Improving Urban Vegetation Classification Accuracy With Multispectral Imagery and Lidar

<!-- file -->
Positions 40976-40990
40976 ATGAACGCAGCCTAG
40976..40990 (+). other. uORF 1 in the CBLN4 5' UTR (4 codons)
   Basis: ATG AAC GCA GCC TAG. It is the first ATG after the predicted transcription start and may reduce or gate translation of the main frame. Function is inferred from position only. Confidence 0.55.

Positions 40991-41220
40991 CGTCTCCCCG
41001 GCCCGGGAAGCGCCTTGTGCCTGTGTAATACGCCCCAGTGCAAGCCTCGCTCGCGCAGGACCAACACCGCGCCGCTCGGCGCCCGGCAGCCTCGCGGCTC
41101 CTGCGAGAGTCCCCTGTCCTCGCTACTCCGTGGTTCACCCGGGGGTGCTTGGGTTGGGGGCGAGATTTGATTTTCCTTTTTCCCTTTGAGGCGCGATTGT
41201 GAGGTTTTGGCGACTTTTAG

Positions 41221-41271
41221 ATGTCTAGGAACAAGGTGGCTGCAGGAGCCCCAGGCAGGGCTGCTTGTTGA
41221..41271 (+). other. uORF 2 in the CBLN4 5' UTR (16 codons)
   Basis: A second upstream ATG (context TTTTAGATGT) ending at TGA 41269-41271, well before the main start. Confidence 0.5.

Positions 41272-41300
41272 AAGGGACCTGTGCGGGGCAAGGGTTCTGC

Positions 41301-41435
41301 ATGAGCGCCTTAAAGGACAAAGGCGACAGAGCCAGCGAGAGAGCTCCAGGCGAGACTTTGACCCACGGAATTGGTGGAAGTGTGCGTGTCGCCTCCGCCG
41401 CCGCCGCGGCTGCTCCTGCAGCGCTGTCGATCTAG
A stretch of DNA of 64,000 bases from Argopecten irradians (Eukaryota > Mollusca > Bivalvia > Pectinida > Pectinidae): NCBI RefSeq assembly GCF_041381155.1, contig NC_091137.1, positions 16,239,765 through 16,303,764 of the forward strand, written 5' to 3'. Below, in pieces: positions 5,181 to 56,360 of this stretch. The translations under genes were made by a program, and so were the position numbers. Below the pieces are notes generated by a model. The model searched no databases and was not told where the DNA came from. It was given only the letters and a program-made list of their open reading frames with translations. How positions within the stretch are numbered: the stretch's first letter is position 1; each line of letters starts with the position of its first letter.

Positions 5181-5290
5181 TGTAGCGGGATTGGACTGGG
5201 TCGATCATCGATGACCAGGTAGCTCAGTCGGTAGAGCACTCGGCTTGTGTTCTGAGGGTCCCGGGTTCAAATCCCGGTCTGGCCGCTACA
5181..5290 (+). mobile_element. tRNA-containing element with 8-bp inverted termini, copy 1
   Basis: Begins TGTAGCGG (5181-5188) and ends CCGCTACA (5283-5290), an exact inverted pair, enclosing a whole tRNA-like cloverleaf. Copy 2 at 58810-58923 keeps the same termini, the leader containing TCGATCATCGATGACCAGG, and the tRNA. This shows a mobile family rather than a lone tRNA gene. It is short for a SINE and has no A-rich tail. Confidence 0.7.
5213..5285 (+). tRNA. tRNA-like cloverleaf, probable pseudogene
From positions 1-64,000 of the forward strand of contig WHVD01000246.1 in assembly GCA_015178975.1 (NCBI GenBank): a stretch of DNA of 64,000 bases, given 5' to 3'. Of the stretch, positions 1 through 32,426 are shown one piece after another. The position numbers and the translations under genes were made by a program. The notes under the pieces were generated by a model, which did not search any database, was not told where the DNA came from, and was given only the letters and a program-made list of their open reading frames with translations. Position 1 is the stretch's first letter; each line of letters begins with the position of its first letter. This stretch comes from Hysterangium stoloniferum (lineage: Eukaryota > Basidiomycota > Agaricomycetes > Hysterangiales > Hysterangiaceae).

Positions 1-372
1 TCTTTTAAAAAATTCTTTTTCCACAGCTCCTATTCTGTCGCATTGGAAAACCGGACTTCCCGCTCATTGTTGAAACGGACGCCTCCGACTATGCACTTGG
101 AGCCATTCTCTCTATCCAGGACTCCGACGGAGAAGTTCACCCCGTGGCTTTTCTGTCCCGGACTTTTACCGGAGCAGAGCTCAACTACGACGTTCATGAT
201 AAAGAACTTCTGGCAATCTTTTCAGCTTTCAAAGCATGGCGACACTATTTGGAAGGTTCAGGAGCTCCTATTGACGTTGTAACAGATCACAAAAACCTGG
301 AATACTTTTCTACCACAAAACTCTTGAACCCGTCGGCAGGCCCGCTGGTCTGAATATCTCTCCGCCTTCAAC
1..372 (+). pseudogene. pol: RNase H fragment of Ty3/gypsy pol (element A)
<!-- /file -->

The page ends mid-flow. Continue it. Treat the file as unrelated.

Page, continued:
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Urban areas are comprised of fine-scale heterogeneous land-cover classes and detailed land cover classifications often require multiple techniques and classification methods to produce an accurate land cover land-use map. Policy makers and urban developers need up-to-date, precise data in which to base decisions and to guide development decisions that meet multiple objectives. Accurate and up-to-date land cover data, particularly in rapidly developing cities, is often unattainable at the spatial resolution desired by urban planners. Aerial remote sensing is a suitable and effective source for urban land cover mapping as the image datasets for classification are acquired at a high spatial resolution (e.g., 1 m). This study examines added utility of integrating1 m image data, lidar height data, and lidar intensity data as a means of increasing the classification accuracy of urban vegetation classes compared with that of a classification using aerial image data alone. One meter National Agricultural Inventory Program (NAIP) data, acquired in 2010 were used as input to an object-oriented, supervised classification in ENVI EX to derive urban vegetation land cover in the downtown area of San Antonio, Texas. Classification of data adhered to the Texas Land Classification System (TXLCS). The classes used here include developed, developed open-space, broad-leafed evergreen, cold deciduous, mixed forest, and shadows. These analyses indicate that the addition of lidar height data as a classification layer did not improve classification accuracy compared to image data alone. The addition of lidar intensity data as a classification layer did however improve the classification accuracy compared to image data alone. The integration of spectral and intensity data does produce a more accurate urban vegetation land cover map.